Police record upskirting allegations at a rate of nearly one a day – with schoolchildren among victims

‘People will not understand the feeling of knowing someone has had their hands between your legs and taken a photo of your crotch,’ says victim 

Maya Oppenheim
Women's Correspondent
Friday 10 January 2020 07:58
What is upskirting and why is it now illegal?

Incidents of upskirting have been reported to the police at a rate of nearly one a day in the six months since the creation of the new law banning the practice - with schoolchildren and a 74-year-old among the victims.

Upskirting, defined as the act of covertly filming or taking a picture under a person’s skirt without gaining their consent, was made a criminal offence in England and Wales in April.

The offence now carries a punishment of up to two years in custody under the Voyeurism Act and the most serious cases see wrongdoers placed on the sex offenders’ register.

Data obtained under Freedom of Information laws by the Press Association found the number of incidents being reported to police had significantly increased since the law came in.

The figures from 35 police forces found there had been 153 incidents reported to them in the 182 days since the law was created.

This was up from 94 incidents among 25 constabularies with available data in 2018, the year before the legislation was implemented, and up from 78 reports over the two years from April 2015 to April 2017.

The vast majority of incidents between April and October 2019 involved female victims and happened in schools, shopping centres and other public places.

But the number of upskirting allegations is likely to be much higher because not all of the 43 police forces agreed to provide information on upskirting. The Metropolitan Police, the country’s largest constabulary, refused to do so.

Several forces reported teenage victims among those caught up in investigations – with Sussex Police saying a 14-year-old girl on a bus was among the victims.

Avon and Somerset Police said a 74-year-old woman was among those targeted by upskirting.

Gina Martin, a 27-year-old writer who spent 18 months fighting to make upskirting a specific offence after two men took a picture up her skirt at a festival in 2017 and the incident went unpunished, applauded the new figures.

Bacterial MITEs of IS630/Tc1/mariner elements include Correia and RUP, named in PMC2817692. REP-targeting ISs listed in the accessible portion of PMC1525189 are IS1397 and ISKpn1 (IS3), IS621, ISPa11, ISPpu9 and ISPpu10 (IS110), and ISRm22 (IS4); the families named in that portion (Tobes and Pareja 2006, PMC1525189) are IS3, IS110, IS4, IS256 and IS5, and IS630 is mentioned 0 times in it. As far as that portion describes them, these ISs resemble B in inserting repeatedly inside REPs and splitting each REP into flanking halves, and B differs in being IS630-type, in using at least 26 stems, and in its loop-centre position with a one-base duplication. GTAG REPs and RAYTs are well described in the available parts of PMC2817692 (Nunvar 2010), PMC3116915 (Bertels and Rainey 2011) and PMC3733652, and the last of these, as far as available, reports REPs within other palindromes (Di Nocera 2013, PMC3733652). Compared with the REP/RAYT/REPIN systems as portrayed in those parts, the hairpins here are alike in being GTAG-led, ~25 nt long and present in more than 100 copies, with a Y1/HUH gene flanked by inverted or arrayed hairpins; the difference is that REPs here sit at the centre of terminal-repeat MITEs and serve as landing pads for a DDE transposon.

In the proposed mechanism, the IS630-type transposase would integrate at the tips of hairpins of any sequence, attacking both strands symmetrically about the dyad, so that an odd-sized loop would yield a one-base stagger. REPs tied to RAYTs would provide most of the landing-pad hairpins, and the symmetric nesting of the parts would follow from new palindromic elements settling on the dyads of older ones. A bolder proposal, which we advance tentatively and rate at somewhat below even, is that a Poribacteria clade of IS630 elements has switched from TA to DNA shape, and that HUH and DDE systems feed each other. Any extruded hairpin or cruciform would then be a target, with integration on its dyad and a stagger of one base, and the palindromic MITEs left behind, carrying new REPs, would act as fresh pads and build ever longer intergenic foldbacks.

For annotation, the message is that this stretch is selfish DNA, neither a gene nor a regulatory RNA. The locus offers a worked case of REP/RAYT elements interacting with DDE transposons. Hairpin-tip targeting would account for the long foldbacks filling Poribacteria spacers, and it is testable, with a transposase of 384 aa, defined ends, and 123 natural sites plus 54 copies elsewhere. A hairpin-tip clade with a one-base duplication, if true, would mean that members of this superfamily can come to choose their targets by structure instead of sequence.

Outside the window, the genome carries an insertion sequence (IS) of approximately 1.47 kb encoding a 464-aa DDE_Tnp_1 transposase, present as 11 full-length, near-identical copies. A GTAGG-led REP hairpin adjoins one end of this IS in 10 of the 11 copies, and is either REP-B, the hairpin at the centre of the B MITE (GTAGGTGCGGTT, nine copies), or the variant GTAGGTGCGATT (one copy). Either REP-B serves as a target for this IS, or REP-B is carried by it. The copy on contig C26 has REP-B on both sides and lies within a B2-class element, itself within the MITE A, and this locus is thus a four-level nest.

The campaigner told The Independent her own experience of upskirting was “completely humiliating and violating”.

“People will not understand the feeling of knowing someone has had their hands between your legs and taken a photo of your crotch,” Ms Martin said. “It takes away your bodily autonomy and there is something which lives on outside of the initial harassment. There is a sense of powerlessness. Even till this day, those guys probably still have the photos of me.”

She added: “Upskirting is a very covert form of sexual harassment which is often brought to the attention of the police by bystanders rather than the victim. Lots of victims will never be aware it has ever happened to them.”

Women, teenage girls and younger girls have been in touch with her to tell her the negative effect upskirting has had on their mental health, the activist said.

Ms Martin said the numbers of offences reported to the police before her campaign was in no way indicative of the scale of the problem – explaining the official figures did not reflect the swathes of women who had contacted her to say they had experienced upskirting.

She said she was aware of upskirting images and footage being distributed on social media platforms and amateur porn sites.

The campaigner noted a convicted paedophile and a man who police subsequently found had 250,000 indecent images of children were among those who have been charged with upskirting.

She said: “It shows different elements of sexual violence are interconnected and why it is important not to dismiss the more everyday types of sexual violence. It joins up the dots between sexual violence and assaults. The numbers of people coming forward to report upskirting will continue to rise.”

Ms Martin added that, before the campaign, the public was unaware of what the act entailed, that it was a crime, or that it was even happening.

Until the law changed, victims were forced to seek prosecution under existing harassment, voyeurism or indecency laws, but loopholes meant it was often difficult to secure a conviction.

Dorset Police said the youngest victim reported to them was aged between 10 and 18, but refused to provide further information.

Some 10 men were convicted of 16 upskirting offences in 2019, figures from the Crown Prosecution Service (CPS) showed.

This included convicted paedophile Stuart Bulling, the first person jailed under the new law, after he was caught following teenage girls around a supermarket in Lancashire, in September.

Trevor Beasley, 51, was also jailed, for filming under women’s skirts in Burgh Heath, Surrey. Police subsequently found 250,000 indecent images of children on his devices.

Additional reporting by Press Association

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